Lindsay Hoyle. Rich, regional accent. Voice like a drain clearing. Has declared a sort of moral independence from his government and is quite likely to berate his parliamentary superiors (in the course of their answer they become his parliamentary inferiors).
Last month, he'd been promised a meeting with the minister about his local NHS Direct. The meeting hadn't happened. He'd written to the CEO of the health service who hadn't even replied. He was furious. "It's time we got this department into some sort of order!" He didn't conceal his feelings. I thought he must have got a terminal disease and had to tell the truth about everything. I am delighted to say his health is fine (the investigative sketch rang up).
It was Health questions and it was the same as every other Health questions. Andrew Lansley denounced the Government for things he'd be doing in their place. If he ever becomes Health Secretary, he'll be defending the government exactly as Patricia Hewitt is now. He's a Widow Twanky in a parliamentary pantomime. "Twelve bedpans in Stroud have not been properly cleaned?" he declares. "And the reduced target for reducing targets has not been benchmarked for best practice!" You know I'm exaggerating for effect? I don't think I am, but the lawyer disagrees.
We had a statement on the failure of schools to keep records of how many active paedophiles they were employing. The minister is the attractive and amiable Alan Johnson.
He had a perfectly reasonable exchange of views with David Willetts, very much in the manner of grown-ups. He made a number of undertakings, none of which will matter much as he won't be minister for long enough to follow them up.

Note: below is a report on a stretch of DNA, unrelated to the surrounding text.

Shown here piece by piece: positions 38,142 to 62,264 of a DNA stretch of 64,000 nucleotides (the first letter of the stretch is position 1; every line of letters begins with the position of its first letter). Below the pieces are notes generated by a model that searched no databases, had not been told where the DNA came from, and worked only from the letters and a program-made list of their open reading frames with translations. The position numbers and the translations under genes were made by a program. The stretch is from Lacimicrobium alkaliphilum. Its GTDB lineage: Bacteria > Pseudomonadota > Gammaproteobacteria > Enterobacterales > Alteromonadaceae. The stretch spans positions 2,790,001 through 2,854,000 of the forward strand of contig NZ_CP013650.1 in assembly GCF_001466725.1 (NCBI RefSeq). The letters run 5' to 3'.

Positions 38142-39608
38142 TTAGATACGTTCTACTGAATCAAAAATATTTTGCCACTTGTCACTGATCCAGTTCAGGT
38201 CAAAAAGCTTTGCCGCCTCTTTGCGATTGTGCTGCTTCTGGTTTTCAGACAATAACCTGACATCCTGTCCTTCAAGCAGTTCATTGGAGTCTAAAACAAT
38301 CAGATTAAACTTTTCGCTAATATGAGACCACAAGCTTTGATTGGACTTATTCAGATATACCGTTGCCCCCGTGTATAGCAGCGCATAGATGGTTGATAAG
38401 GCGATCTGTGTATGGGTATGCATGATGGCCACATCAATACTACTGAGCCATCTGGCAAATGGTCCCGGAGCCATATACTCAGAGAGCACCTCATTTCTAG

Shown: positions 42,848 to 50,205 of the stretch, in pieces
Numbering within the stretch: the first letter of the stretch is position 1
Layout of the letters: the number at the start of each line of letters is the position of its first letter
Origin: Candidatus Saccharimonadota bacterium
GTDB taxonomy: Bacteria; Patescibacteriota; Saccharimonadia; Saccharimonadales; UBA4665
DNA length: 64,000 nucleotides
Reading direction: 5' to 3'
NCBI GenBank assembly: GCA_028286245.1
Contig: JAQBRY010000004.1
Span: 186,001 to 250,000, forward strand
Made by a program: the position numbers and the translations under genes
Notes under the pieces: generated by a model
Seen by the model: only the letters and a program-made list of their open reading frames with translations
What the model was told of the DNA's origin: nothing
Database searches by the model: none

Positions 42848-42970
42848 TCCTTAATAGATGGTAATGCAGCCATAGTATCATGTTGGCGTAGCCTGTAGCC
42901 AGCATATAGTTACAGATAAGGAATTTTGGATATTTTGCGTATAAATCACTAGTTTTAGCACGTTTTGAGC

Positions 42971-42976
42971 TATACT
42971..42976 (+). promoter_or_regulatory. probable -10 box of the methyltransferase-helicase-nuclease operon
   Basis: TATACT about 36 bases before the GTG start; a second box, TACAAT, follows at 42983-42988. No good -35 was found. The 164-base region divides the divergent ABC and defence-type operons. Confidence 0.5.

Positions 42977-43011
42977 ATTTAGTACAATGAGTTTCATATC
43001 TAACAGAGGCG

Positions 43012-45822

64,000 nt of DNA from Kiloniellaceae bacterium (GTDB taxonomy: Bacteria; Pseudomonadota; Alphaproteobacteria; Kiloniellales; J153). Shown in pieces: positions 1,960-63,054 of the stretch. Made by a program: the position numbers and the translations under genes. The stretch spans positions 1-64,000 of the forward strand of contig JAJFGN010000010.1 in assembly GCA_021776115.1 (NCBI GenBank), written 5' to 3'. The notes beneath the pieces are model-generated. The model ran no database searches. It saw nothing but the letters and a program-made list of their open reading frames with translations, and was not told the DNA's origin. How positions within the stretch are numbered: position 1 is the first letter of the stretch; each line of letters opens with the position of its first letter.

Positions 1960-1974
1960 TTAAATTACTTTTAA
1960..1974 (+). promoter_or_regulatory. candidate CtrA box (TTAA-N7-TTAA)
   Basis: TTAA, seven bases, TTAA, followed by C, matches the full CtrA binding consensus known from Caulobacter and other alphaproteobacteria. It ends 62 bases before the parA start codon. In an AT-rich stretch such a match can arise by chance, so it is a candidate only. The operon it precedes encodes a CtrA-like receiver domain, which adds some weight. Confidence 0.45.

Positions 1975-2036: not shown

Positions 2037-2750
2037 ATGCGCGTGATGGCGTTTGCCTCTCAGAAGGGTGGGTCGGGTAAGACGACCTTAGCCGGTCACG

Now then: how to explain why the department has done nothing about the Bichard report. You may have forgotten about Bichard. So has the Government. This is where Beverley Hughes comes in handy. She was running the Immigration and Nationality Directorate when the numbers of asylum-seekers were dramatically cut. By redefining them as something else.
She got caught out and was forced to resign but you can't waste a talent like hers so she's back. Her time is coming round again.
Every school now has to have a central record of every staff member's criminal record. Earlier guidance had advised schools that they didn't have to check (it would have paralysed the system). But that was before the headlines. Now failing to check for paedophiles will be a crime, like raping children.
Here's a prediction. If they get ID cards up and running, the logic of putting a teacher's "clearance to work with children" on the card will be irresistible.
"We need eternal vigilance to protect children from those who would manipulate and deceive them," Alan Johnson told the House. It sounded like an open attack on the Prime Minister himself. Lindsay Hoyle couldn't have put it better.Reuse content